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Andrew Lloyd Webber

Andrew Lloyd Webber

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Also Known As: Sir Andrew Lloyd Webber Died:
Born: March 22, 1948 Cause of Death:
Birth Place: London, England, GB Profession: composer, producer, executive

Biography CLOSE THE FULL BIOGRAPHY

Music that transcended the ages was Andrew Lloyd Webber's gift to the world. A musical genius, Webber composed some of the most visually stunning and lushly orchestrated stage productions that enjoyed universal acceptance and commercial success. An unstoppable force throughout his decades-long career, Webber was rewarded with an incalculable number of awards including Tonys, Grammys, and International Emmys, among others, for his extensive body of work - not just on stage but also in film and on television. He first shot to fame with the high-energy musical "Joseph and the Amazing Technicolor Dreamcoat" (1968); the musical prelude to the numerous successful collaborations he enjoyed with lyricist Tim Rice. Webber kept up the tempo with the groundbreaking rock opera, "Jesus Christ Superstar" (1971) before mesmerizing audiences worldwide with the sweeping ballads and eclectic melodies found in the biopic "Evita" (1978). In 1981, Webber cranked up the volume and wrote the music for the eye-popping production "Cats," one of the longest-running international musicals. It was all a build-up to his most extravagant stage musical, "The Phantom of the Opera" (1986), a haunting love story that captured the...

Music that transcended the ages was Andrew Lloyd Webber's gift to the world. A musical genius, Webber composed some of the most visually stunning and lushly orchestrated stage productions that enjoyed universal acceptance and commercial success. An unstoppable force throughout his decades-long career, Webber was rewarded with an incalculable number of awards including Tonys, Grammys, and International Emmys, among others, for his extensive body of work - not just on stage but also in film and on television. He first shot to fame with the high-energy musical "Joseph and the Amazing Technicolor Dreamcoat" (1968); the musical prelude to the numerous successful collaborations he enjoyed with lyricist Tim Rice. Webber kept up the tempo with the groundbreaking rock opera, "Jesus Christ Superstar" (1971) before mesmerizing audiences worldwide with the sweeping ballads and eclectic melodies found in the biopic "Evita" (1978). In 1981, Webber cranked up the volume and wrote the music for the eye-popping production "Cats," one of the longest-running international musicals. It was all a build-up to his most extravagant stage musical, "The Phantom of the Opera" (1986), a haunting love story that captured the hearts of millions worldwide, due to its breathtaking stage design, lavish costumes and piercingly beautiful music that could only have come from Webber's magical imagination. Webber's influence was very much felt in the industry. In 2010, he unveiled the West End production of "Love Never Dies," the much-anticipated sequel to "Phantom," which proved a strong testament to his enduring music legacy.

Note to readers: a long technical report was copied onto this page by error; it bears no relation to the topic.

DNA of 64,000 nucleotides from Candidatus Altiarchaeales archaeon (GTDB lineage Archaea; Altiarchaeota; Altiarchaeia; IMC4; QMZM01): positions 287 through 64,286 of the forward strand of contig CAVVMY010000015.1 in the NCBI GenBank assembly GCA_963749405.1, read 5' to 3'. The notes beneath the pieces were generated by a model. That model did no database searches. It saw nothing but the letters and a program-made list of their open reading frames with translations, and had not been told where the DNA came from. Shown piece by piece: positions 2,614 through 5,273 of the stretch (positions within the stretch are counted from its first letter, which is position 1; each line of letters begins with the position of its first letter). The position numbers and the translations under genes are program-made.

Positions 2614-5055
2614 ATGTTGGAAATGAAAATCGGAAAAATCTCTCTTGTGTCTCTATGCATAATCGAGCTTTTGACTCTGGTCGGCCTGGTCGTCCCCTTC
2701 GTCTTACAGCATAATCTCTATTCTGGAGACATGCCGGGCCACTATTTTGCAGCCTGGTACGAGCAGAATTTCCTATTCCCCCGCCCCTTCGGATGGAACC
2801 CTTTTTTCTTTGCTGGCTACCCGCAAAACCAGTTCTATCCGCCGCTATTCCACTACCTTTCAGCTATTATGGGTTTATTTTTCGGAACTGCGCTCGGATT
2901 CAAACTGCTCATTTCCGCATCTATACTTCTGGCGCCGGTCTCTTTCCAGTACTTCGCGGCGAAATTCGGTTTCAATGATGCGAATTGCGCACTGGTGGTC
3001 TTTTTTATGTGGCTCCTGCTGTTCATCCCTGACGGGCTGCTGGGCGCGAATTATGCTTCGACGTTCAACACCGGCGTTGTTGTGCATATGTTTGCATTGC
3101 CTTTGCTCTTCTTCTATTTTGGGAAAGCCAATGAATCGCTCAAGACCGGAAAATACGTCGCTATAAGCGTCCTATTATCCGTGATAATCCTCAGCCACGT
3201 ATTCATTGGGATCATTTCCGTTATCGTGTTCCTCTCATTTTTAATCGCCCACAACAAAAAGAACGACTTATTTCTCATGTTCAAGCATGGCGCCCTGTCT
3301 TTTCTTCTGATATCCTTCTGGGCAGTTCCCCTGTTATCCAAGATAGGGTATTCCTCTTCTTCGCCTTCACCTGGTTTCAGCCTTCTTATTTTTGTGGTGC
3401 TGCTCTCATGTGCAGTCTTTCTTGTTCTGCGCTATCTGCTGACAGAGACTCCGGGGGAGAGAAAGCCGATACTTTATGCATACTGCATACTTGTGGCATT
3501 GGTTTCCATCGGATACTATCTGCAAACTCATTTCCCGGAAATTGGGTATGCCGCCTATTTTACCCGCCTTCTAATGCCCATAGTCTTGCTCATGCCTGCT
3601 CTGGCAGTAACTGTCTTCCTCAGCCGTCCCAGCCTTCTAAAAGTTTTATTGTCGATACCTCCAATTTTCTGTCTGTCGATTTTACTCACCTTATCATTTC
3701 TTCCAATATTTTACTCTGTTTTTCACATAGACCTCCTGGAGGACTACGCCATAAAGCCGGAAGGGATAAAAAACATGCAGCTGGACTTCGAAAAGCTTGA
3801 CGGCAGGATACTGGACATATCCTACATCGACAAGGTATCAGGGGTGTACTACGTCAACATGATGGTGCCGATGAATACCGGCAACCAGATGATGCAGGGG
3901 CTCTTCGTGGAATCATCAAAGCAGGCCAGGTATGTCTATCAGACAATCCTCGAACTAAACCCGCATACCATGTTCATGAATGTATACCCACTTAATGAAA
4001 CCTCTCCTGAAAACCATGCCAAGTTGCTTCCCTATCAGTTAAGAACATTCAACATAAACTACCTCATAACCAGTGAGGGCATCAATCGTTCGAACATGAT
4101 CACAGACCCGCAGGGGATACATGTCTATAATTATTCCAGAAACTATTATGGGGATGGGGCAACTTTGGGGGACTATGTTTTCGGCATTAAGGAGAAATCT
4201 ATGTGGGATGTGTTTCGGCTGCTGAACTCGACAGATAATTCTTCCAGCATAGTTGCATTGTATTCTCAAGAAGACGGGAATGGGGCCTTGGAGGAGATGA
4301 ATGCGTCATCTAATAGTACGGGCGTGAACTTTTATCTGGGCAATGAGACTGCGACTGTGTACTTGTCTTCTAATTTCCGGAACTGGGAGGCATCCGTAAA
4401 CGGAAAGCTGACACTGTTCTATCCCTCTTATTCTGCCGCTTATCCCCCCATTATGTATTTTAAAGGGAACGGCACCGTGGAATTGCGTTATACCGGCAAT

VIEW THE FULL BIOGRAPHY

Milestones close milestones

1959:
Published first composition, "The Toy Theatre Suite"
1965:
First major collaboration with lyricist Tim Rice, "The Likes of Us," a musical based on the true story of Thomas John Barnardo; was not performed until as recently as 2005
1968:
Wrote first full-scale musical, "Joseph and the Amazing Technicolor Dreamcoat"; lyrics by Tim Rice
1969:
Commissioned by RCA to write opera based on single, "Jesus Christ Superstar"; enjoyed great success as double album in 1970
1971:
First Broadway production, "Jesus Christ Superstar"; lyrics by Tim Rice
1971:
First film as composer, "Gumshoe"; directed by Stephen Frears
1972:
First West End production, "Jesus Christ Superstar"
1973: